Family law sometimes seems part Wild West, part “War of the Roses” and part “Boston Legal.” These perceptions may have some truth, but many are based on myths. Here are some top myths in Texas family law cases — debunked.

1. There is no alimony in Texas. Once, this was actually true. Texas historically has been a no-alimony state. Texas, however, has enacted and amended a maintenance statute.

Generally, Family Code §8.051 allows a court in a divorce to order maintenance in certain domestic-violence situations, if a spouse is disabled, or if the marriage lasted 10 years or longer and the spouse lacks income to provide for his or her minimal reasonable needs.

Family Code §8.054 provides that a maintenance order may last five years, seven years or 10 years, depending on the length of the marriage. Family Code §8.055 allows a court to order maximum monthly maintenance at the lesser of $5,000 or 20 percent of the spouse’s average gross monthly income. Texas has a form of alimony, indeed.

2. A court cannot divide unvested stock options. Many people fall for the myth that unvested stock options must be separate property because they are not totally earned by the time of divorce.

But Family Code §3.007 allows for the division of unvested stock options. It provides a formula that accounts for any pre-divorce efforts, post-divorce efforts and continued employment; it characterizes that percentage as separate property. The formula also characterizes a percentage for the portion earned during marriage as community property. Stock options are divisible in Texas.

3. Fault makes a huge difference in a property/debt division. Family Code §7.001 requires a court to divide the parties’ estate in a just and right manner, having due regard for the rights of each party and any children. In Murff v. Murff (1981), the Texas Supreme Court stated property division factors, and included among them are “[f]ault in the breakup of the marriage.”

So, fault does matter. But most judges will not look at fault as the end of the story. An affair, for instance, does not mean that one spouse will get no property and all the debt, and the other spouse will get all the property and none of the debt. How much do judges weigh fault? It depends on the individual judge.

4. Social media postings are irrelevant. Many spouses post on Twitter, Facebook, Instagram and other social media. Frequently, the children of divorcing parents also will post interesting items on social media websites. Even better, relatives, friends and paramours may also make scandalous posts. These postings can be admissible in court. Lawyers should beware of their clients’ reckless postings and pictures on social media; they could appear in court.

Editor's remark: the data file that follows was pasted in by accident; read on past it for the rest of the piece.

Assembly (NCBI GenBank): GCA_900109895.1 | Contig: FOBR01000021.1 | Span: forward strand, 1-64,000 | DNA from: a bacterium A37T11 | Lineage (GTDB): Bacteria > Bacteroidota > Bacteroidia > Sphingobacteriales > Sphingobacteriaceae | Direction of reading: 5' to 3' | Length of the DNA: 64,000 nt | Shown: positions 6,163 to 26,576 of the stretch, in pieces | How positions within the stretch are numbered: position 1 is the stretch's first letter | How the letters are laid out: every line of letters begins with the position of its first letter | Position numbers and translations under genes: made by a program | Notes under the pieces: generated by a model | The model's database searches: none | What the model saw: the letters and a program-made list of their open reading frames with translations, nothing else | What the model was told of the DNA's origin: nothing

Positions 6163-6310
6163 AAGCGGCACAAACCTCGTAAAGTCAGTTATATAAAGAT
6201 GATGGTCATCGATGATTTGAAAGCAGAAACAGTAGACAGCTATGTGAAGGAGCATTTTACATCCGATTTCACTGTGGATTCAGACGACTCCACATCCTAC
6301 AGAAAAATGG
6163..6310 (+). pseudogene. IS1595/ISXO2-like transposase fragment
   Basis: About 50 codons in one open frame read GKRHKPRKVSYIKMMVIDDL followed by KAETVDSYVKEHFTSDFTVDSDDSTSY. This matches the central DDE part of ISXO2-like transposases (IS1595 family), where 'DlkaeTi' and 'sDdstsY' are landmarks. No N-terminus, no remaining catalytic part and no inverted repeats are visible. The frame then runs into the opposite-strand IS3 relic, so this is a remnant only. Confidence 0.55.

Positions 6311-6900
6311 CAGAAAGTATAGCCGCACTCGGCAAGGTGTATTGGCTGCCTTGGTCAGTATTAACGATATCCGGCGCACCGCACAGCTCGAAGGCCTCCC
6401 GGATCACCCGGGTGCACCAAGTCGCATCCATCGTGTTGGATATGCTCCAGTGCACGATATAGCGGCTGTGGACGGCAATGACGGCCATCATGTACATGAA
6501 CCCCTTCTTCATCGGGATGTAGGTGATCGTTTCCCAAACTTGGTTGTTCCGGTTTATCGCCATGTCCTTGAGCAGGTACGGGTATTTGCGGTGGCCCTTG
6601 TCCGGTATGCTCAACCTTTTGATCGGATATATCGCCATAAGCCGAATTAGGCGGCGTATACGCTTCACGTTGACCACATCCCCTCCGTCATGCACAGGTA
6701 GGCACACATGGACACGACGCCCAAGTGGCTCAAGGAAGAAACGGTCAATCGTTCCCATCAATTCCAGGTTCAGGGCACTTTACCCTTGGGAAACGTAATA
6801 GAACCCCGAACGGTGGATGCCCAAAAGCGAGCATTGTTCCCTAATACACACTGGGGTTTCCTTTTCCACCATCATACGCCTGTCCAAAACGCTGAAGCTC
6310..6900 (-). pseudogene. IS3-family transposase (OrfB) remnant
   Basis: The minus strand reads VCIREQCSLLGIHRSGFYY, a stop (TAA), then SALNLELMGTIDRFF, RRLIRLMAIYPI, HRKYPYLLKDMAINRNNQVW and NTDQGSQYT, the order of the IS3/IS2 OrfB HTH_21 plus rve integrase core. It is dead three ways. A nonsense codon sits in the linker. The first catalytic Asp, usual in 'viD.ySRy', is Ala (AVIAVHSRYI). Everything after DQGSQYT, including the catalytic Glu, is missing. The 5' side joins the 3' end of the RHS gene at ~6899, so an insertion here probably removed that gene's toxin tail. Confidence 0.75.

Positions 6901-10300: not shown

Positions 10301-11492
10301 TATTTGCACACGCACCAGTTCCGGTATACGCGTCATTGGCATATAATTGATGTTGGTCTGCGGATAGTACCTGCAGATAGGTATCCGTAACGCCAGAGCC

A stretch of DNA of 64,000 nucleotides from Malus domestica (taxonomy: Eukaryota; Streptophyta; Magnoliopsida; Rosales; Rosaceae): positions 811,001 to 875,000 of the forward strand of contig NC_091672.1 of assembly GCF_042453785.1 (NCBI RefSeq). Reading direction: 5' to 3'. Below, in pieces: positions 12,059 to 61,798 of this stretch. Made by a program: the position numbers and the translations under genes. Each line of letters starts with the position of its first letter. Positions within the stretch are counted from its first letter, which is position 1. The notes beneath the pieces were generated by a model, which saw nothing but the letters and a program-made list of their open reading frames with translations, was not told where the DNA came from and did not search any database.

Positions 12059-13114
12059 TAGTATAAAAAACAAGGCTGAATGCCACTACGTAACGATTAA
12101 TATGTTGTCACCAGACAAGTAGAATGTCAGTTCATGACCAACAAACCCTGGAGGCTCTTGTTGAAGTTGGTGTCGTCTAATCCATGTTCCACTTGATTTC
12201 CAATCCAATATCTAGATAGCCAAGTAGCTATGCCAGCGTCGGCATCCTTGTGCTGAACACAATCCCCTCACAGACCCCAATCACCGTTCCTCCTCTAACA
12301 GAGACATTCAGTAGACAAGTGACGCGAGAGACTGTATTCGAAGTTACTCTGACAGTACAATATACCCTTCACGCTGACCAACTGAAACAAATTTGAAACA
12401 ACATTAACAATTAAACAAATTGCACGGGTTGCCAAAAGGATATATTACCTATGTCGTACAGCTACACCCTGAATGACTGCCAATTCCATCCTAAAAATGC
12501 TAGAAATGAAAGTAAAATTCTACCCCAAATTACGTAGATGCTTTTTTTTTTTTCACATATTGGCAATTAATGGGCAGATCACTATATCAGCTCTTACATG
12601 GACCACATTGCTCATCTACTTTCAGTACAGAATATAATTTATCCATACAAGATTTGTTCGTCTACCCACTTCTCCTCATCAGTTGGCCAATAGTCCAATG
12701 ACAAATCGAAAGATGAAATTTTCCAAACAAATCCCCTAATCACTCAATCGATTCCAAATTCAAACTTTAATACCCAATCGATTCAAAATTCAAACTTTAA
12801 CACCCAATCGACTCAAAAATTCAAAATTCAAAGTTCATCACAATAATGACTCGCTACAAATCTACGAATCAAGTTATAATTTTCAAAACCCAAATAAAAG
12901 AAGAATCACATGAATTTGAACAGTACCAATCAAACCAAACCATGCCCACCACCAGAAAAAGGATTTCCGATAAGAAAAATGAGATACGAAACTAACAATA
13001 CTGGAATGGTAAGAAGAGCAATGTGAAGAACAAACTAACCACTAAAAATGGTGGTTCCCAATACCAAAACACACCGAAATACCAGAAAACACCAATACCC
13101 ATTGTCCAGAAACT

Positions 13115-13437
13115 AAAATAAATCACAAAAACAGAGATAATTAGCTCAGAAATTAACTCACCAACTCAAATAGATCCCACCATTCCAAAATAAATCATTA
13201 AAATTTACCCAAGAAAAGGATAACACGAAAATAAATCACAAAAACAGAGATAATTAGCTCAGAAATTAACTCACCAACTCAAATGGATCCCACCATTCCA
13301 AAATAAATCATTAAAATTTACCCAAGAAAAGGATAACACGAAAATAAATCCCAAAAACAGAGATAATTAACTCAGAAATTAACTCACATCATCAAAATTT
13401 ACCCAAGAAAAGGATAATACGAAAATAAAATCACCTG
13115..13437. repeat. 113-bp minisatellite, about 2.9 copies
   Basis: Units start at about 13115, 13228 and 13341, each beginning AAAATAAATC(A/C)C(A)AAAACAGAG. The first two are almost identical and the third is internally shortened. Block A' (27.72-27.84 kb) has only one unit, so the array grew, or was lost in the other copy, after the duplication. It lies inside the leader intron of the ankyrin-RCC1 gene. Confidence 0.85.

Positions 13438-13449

5. Child support is a game of chance. Another myth is that courts determine child support on an ad hocbasis. Typically, a person wanting to avoid paying child support will invent and discuss reasons why child support should be extremely low.

Most courts will set child support according to the guidelines in Family Code Chapter 154. These are rather scientific and apply a percentage calculation to a person’s net resources. In some instances, the court can exceed these guidelines, based on the child’s proven needs. But, it is rare that a court will fall far below the mechanical, guideline child support calculation.

6. Texas does not have personal jurisdiction for a divorce because a spouse moved away. Spouses with large estates sometimes move to or from a jurisdiction to gain an advantage of a particular state’s property division laws.

Family Code §6.305 states that Texas may exercise personal jurisdiction if one spouse continues to reside in the state and Texas was the last marital residence within two years before filing suit. The long-arm law also has the catchall that personal jurisdiction is proper if there is any basis consistent with the Texas and U.S. Constitutions.

So, all of the other factors for personal jurisdiction come into play, such as whether the parties owned property or conducted business in Texas. Additional grounds for personal jurisdiction are available if children are involved. Just because a spouse moves out of state does not mean that Texas loses jurisdiction.

7. Lord Mansfield still lives. In 1777, Lord Mansfield proclaimed that a husband was presumed to be the father of a child born to his wife in Goodright ex dim. Stevens v. Moss.This became known as Lord Mansfield’s rule, which was the law in Texas for generations.

Of course, in 2012, paternity testing exists. Over the past few years, Texas’ version of the Uniform Parentage Act in Family Code Chapter 160 has come to rely heavily on DNA testing to determine a father’s identity. Lord Mansfield is indeed dead, in Texas at least.

8. Divorces are easy, and anybody can do them. It is certainly noble for a lawyer who doesn’t practice family law to take a case for a person who is in need, but it is not usually an easy task. If custody, relocation or mental health are in issue, the family law case can be extremely complex, difficult and time-consuming.

Family law cases involving complex property estates are a mix of property law, business entity principles, business valuation principles, tax law, probate law, contract law and many other areas of the law. Litigants frequently underestimate the complexity of a family law case. An attorney should not make this mistake and should consult an experienced family law attorney for a thorough consultation.